While less direct than environmental fables like Princess Mononoke and NausicaƤ of the Valley of the Wind, there’s a love for nature in My Neighbor Totoro. The forest is warm and inviting, and Totoro springs from this friendly landscape. The cat bus glides over the hills and is a fun combination of a modern device with a familiar pet. It makes little sense and isn’t explained, but it hardly matters. Our acceptance is easy because it’s such an inviting place. We want to spend time there, and the plot is secondary. Miyazaki doesn’t overwhelm us with too many creatures or ambitious set pieces. Instead, he keeps it simple and connects us with the girls. It’s possibly his best film, and I was thrilled to take the plunge and spend time in this magical world.

10 comments:

  1. Love this movie so much. I wrote a little piece on it end of last year during my 'Five Nights With...' series.

    http://afistfuloffilms.blogspot.com/2013/09/five-nights-withelle-fanning-my.html

    The familial bond and ever-reaching atmosphere of hope that is laced into the dire circumstance makes this such a beautifully complex and impactful film. I'm glad you enjoyed it!

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    1. I checked out your post; nice job! I definitely saw the connections with Grave of the Fireflies despite the very different ending. Both make us feel so much for the child characters.

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  2. I like what you say about the love for nature, and how Totoro springs from this friendly landscape, I hadn't thought about it in that way before.
    Probably the most heartwarming/cute Ghibli film I can think of, although it allegedly does also have dark hidden meanings, if you believe the rumors. You can google them.
    To me, the film feels a little bit like Alice in Wonderland, where you are not sure whether it's the person’s imagination, or the events are actually for real.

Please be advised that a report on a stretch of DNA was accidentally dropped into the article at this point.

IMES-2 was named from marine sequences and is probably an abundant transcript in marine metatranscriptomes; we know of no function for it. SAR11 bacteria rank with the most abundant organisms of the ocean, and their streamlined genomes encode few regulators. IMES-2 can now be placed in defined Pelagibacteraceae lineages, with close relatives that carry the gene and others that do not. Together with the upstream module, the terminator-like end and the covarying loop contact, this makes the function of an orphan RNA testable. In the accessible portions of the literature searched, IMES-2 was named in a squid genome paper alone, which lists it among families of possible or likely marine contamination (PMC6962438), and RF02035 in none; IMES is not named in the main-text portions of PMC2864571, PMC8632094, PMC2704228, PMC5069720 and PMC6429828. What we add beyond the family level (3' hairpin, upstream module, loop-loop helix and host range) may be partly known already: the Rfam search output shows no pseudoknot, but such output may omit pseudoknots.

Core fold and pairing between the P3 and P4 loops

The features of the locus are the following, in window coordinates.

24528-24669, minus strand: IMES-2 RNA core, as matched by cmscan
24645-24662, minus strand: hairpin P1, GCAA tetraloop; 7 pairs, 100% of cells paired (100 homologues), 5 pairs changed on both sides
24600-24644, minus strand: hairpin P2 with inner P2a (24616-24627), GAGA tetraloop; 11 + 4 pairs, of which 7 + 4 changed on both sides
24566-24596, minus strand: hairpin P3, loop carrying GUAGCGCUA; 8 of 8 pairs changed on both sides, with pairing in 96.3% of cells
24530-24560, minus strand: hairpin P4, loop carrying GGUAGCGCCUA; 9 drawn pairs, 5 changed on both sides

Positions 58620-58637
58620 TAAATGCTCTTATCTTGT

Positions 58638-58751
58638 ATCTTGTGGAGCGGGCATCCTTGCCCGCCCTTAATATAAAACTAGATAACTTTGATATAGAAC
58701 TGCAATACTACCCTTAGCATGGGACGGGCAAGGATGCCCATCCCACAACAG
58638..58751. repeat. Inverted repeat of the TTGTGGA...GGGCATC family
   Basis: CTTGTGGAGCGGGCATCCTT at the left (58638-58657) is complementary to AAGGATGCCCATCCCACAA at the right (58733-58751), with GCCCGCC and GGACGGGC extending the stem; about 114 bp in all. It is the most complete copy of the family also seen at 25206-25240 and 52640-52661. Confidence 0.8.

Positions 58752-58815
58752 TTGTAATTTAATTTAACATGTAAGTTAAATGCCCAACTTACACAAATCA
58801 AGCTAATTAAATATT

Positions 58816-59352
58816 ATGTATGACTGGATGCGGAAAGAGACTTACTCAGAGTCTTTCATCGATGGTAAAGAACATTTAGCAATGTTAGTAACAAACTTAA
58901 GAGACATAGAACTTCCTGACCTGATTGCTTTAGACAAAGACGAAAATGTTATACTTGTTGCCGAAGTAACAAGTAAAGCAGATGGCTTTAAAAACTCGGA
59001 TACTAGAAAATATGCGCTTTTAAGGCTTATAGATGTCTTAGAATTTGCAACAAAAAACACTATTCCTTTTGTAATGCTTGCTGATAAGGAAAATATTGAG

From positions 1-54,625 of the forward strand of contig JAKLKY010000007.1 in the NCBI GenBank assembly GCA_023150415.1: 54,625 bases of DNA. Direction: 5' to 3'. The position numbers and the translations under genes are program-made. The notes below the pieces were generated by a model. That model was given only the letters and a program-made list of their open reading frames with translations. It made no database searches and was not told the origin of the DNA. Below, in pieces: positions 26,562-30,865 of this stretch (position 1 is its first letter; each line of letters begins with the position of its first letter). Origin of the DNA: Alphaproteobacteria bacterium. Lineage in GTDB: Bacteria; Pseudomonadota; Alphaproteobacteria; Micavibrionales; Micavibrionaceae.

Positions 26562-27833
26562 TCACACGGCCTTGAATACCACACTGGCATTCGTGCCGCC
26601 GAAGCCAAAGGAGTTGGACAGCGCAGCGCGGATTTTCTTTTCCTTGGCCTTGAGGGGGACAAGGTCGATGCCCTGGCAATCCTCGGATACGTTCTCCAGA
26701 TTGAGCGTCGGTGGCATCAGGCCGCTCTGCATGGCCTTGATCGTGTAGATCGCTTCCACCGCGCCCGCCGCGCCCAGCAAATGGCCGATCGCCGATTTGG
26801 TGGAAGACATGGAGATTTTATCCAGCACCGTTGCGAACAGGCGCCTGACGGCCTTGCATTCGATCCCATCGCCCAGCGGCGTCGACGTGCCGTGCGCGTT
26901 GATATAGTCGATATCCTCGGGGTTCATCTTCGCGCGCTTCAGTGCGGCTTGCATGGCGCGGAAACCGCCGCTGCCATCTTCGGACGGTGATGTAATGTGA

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    1. I read about the possible hidden meanings, which sound like a pretty big stretch. I'm not saying there's no chance, but they sound a little flimsy. I don't think that Totoro and the cat bus are in the girls' imagination, but it's open to interpretation for sure.

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  3. This is probably the youngest skewing of Miyazaki's films, but like you said it is still very enjoyable for adults. I liked it a lot. A little scene I remember being charmed by was when the girls were just sitting up in a tree at night with Totoro blowing into something to make the sounds trees make in the wind.

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    1. I think some of those quiet moments like the one you mention are the reason this movie works so well. The scene at the bus stop with the umbrellas is one of many scenes that stand out because they take their time and bring out the charm.

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  4. I liked this one a lot. There's not a great deal of plot to contend with, but I really didn't mind. So much of it is simply being involved in the world that Miyazaki creates, and that's really enough.

    I love when Totoro discovers what rain sounds like on an umbrella. That and Catbus(!) are my favorite parts of the film.

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    1. Steve, the cat bus does not disappoint! It only appears briefly but was easily one of my favorite parts. There's definitely a lot less plot than some of the more recent Miyazaki fantasies, but it still worked for me.

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  5. Hi Dan, I'm glad you added this to your blind spot. My sister is in love with Miyazaki animes. It sounds like a sweet film. I may watch this with my daughter.

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    1. I think this Miyazaki film in particular is a great choice to watch with kids. Ponyo is another strong example, and my daughter also really likes that one.